The Consumer Financial Protection Bureau has found that three-quarters of the overall shortfall in household formation can be attributed to younger adults, ages 18 to 34. In 2011, 1.3 million more Americans in this age group lived with their parents than in 2007. Although it is impossible to determine the relative contribution of student-loan debt and the economic downturn to that phenomenon, student debt is clearly implicated. Any program that reduces the need to borrow can only improve the situation.

According to a report from Zillow, the relatively few millennials who are thriving economically are the ones whose parents are able to subsidize college tuition or a down payment on a home. Help with education and buying a home were the two primary ways in which the original GI Bill created upward social mobility. Estimates are that each new household leads to $145,000 of economic impact. If student debt is keeping just a third of those two million young Americans from living on their own — a reasonable, if undocumented, assumption — that adds up to a $100-billion loss or delay in economic activity.

Student debt is an enormous issue for the country. The Democratic presidential candidates have all addressed it; Senator Elizabeth Warren has proposed measures to ameliorate it.

If any of the Republican presidential candidates have paused their attacks on immigrants, reproductive choice and various kinds of “losers” in order to address student debt levels and their impact on either young people or the economy, I’ve missed it.

I Know I’m a Broken Record…

Every so often, a Facebook friend posts an article about colleges that aren’t “worth” the investment of tuition. Usually, these lists are compiled by magazines or pundits out to prove a point, and I just grit my teeth and scroll on.

But recently, the usually responsible Brookings Institution got into the act.  An article titled “More data can make college less risky” began with the assertion that the “vast majority” of students go to college because they believe that it will improve their “employment opportunities and financial wellbeing.” The authors recommended that students do what other “investors” do—research their prospective investments.

And what sort of “research” did they suggest?

For decades, economists discussed the average benefits of a college education compared to a high school education with no regard to either field of study or institution. Finally, in 2009, the Census Bureau started collecting data that could be used to assess which majors pay the most,[iii] and then just a few months ago, the Department of Education released data on the earnings of alumni by institution, for all students who receive federal grants or loans. These data can be further analyzed, as we have done, to estimate the economic contribution of schools (or value-added) as distinct from the outcomes attributable to student characteristics (like test scores).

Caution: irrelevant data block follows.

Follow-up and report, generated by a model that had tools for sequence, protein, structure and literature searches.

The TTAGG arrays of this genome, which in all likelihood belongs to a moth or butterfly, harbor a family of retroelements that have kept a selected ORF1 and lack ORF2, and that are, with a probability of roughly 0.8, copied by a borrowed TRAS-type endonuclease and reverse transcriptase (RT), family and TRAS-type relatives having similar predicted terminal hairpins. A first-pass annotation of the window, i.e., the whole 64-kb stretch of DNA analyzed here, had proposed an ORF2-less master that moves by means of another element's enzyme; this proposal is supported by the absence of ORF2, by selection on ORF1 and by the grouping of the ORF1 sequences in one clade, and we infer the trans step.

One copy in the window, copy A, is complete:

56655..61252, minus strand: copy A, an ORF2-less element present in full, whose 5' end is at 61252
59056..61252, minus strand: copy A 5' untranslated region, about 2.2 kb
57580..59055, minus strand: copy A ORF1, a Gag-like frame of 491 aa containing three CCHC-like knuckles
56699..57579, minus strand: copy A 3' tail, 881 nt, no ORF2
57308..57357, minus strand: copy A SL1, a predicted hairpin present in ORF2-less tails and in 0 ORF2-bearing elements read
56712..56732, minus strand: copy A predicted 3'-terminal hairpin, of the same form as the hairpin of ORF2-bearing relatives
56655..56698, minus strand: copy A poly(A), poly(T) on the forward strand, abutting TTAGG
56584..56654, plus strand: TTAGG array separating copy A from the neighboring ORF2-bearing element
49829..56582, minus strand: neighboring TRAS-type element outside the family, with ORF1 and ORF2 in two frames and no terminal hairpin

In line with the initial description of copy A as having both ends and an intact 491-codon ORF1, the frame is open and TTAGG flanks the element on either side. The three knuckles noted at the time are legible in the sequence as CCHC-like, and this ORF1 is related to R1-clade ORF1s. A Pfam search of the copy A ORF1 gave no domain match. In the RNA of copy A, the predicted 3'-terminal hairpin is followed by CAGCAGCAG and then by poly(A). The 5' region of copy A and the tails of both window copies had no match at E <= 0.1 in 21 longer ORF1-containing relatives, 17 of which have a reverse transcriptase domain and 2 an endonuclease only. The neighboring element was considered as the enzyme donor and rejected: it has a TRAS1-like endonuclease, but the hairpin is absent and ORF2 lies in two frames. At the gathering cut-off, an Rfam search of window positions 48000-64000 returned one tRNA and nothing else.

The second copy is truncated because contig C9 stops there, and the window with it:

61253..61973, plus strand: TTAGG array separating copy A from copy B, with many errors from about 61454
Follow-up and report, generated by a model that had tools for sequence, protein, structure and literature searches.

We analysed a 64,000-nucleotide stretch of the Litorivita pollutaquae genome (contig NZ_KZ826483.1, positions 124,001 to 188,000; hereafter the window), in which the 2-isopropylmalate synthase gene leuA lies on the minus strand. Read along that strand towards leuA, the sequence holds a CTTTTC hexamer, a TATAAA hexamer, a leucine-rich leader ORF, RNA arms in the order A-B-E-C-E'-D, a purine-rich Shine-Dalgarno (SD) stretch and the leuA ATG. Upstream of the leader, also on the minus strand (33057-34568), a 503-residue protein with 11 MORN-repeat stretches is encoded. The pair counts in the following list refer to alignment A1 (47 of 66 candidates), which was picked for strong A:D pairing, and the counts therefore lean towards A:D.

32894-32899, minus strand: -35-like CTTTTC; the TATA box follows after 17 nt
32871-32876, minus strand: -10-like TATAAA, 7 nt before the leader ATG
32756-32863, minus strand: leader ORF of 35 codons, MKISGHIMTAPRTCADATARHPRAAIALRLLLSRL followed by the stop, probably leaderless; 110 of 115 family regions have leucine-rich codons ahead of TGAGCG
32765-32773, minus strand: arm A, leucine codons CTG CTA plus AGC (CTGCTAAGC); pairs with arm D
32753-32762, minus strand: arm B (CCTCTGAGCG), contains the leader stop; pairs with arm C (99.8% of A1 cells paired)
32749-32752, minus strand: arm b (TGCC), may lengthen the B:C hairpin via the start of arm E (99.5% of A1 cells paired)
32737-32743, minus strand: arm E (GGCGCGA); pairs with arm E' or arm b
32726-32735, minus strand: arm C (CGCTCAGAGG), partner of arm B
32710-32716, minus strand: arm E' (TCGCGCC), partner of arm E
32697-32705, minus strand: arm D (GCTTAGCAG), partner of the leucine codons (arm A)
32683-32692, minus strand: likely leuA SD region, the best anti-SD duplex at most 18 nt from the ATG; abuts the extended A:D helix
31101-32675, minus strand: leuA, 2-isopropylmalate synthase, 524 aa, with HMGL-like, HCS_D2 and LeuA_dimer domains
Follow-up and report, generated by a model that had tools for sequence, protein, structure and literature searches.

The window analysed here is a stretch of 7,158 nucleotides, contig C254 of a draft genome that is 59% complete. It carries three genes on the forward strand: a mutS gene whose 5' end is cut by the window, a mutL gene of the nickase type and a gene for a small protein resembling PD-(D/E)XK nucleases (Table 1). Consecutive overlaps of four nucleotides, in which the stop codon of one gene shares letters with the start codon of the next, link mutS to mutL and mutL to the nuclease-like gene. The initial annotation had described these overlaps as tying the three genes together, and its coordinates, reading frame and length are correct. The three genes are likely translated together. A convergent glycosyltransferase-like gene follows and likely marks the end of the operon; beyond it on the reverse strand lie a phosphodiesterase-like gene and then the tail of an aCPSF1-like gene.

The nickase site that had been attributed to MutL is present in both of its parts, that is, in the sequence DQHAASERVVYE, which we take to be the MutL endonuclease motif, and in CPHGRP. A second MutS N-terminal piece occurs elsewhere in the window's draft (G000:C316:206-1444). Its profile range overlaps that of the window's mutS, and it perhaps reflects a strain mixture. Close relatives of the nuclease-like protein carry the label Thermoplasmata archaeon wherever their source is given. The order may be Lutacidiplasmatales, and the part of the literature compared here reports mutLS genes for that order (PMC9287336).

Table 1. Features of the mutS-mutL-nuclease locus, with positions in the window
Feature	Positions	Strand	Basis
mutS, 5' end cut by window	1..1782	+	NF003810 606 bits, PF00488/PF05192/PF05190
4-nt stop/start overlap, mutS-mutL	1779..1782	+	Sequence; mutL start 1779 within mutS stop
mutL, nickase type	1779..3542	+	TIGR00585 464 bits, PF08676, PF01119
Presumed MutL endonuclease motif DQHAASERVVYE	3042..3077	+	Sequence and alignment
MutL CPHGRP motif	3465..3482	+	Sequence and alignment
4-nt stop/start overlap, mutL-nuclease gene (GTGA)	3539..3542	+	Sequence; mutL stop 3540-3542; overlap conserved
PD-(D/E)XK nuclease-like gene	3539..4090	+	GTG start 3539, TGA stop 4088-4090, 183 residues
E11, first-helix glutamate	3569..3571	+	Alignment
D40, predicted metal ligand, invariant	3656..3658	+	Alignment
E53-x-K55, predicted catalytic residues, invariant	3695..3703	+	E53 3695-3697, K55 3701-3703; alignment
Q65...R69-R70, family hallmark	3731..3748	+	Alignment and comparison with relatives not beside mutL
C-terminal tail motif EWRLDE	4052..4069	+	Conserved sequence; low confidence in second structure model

This approach is perfectly fine, if one plans on attending a vocational school.

The assumption that college is a place you go to get job training (and if you can afford it, a social life on a pretty campus) explains so much of what is wrong not just with higher education, but with American institutions in general.

Let me be very clear: there is nothing wrong with job training. There is nothing wrong with colleges helping students acquire marketable skills. But that is not their mission. Their mission is education. 

We live in an age where a candidate for President feels free to sneer at philosophers because they make less than plumbers. (Actually, Mr. Rubio, they don’t, but that’s beside the point.) We live in an age where politicians and pundits can and do make ridiculous, factually inaccurate statements secure in the knowledge that only a few “pointy-headed intellectuals” (i.e., people who read and think) will notice or care, an age where ideologues can distort history with impunity because no one has studied it, and cite the Constitution for propositions that would make the Founders turn over in their graves, because their only acquaintance with it is a vague memory of a week in high school government class.

Only in a country that has lost respect for the life of the mind and for intellectual integrity would the Senate vote to deny man’s contribution to climate change. (Perhaps they can vote on the value of Pi next. The Indiana legislature once did that. Or on whether the earth orbits the sun.)

In saner times, we valued knowledge of the arts, literature and philosophy, knowledge of other cultures, science. We valued knowledge for its own sake—and we studied the world in order to understand it, not just in order to make money.